Two and two are four. Art is around us, but it is something that you have to open your eyes to see. Fairly often we find ourselves focused on a task too hard to take a look at our surroundings. We need to learn to take time to glimpse at the world around us. The towns and cities we live in may not have the Louvre or the Met; they may not have a thriving theatre or a concert hall, but there is art everywhere. I am glad to have grown up in Washington Court House because I have had the opportunity to grow up with art. Some of it is hidden in the confines of old buildings; some however, is in plain sight. It blends into the town’s culture and heritage and eventually is forgotten, because we forget to open our eyes to it. We forget the brushstrokes and sweat it takes to make our masterpieces blend in with the community. We forget how boring the blank canvas was before those brushstrokes took effect.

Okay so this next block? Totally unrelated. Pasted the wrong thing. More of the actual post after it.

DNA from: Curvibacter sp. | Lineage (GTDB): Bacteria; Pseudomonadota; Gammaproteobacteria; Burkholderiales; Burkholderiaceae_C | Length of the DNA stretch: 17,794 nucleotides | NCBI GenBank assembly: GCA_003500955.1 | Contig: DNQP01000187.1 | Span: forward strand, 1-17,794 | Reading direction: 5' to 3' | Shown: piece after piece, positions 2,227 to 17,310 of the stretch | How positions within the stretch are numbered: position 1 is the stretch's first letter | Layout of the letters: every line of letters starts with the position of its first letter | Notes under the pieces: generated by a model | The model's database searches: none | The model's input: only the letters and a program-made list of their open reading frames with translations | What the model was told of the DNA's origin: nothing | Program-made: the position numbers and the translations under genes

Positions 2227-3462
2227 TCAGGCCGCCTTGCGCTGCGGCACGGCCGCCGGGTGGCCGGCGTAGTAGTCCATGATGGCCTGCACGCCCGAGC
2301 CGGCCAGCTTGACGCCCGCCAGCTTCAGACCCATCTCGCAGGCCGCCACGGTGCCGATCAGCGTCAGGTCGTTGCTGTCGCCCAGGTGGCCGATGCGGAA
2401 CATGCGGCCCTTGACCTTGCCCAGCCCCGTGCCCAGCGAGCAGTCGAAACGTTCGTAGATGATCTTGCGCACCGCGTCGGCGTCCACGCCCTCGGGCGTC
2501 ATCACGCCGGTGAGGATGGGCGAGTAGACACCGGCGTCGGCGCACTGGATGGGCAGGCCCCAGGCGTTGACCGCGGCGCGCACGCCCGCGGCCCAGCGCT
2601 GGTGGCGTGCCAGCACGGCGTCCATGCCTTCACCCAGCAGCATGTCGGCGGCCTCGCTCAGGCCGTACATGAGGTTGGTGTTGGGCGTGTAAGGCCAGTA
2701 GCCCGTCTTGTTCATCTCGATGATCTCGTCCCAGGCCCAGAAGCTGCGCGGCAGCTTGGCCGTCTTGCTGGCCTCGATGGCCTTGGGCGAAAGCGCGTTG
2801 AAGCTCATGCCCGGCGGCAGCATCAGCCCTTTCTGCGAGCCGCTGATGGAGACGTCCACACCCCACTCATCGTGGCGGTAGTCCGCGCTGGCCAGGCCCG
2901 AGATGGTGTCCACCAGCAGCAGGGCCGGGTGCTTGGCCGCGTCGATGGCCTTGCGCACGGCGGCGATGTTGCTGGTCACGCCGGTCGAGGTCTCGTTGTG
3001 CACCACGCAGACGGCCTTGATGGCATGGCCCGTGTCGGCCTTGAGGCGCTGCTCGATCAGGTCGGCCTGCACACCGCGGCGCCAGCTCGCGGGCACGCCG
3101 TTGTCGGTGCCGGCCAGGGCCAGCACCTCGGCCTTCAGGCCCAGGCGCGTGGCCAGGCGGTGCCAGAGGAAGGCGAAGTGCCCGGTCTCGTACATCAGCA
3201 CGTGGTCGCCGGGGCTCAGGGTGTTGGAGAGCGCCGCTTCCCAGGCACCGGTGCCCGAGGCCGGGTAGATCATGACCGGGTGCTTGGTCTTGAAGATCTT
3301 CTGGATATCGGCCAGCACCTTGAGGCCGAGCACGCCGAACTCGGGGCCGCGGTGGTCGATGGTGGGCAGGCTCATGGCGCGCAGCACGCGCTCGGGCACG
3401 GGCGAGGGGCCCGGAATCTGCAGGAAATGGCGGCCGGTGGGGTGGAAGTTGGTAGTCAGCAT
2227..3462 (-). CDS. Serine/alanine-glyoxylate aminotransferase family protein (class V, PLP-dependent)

If you had told me when I was twenty-one I would someday horde peppers for the winter months, I would have declared you a blasphemer. It would have taken a feeding tube to get me to eat something as simple and mild as a green bell pepper.
Well, things do change and taste in foods is certainly one of them. Today my wife and I love fresh sweet peppers along with the occasional hot pepper. At twenty-one I had never heard of Wilber L. Scoville. Today I almost have his chart of pepper power memorized. The Scoville Scale assigns a heat index in excess of 16 million for pure capsaicin (that’s the stuff that makes pepper spray so affective) while the garden variety bell pepper rates a zero. The jalapeño may come in around 9,000 while the famous habanero can reach 325,000.
Over the years, as my love of peppers developed, so has my tolerance for heat. I’ll probably never be one of those who pops whole habanero peppers into Continue reading Roastin’ Peppers→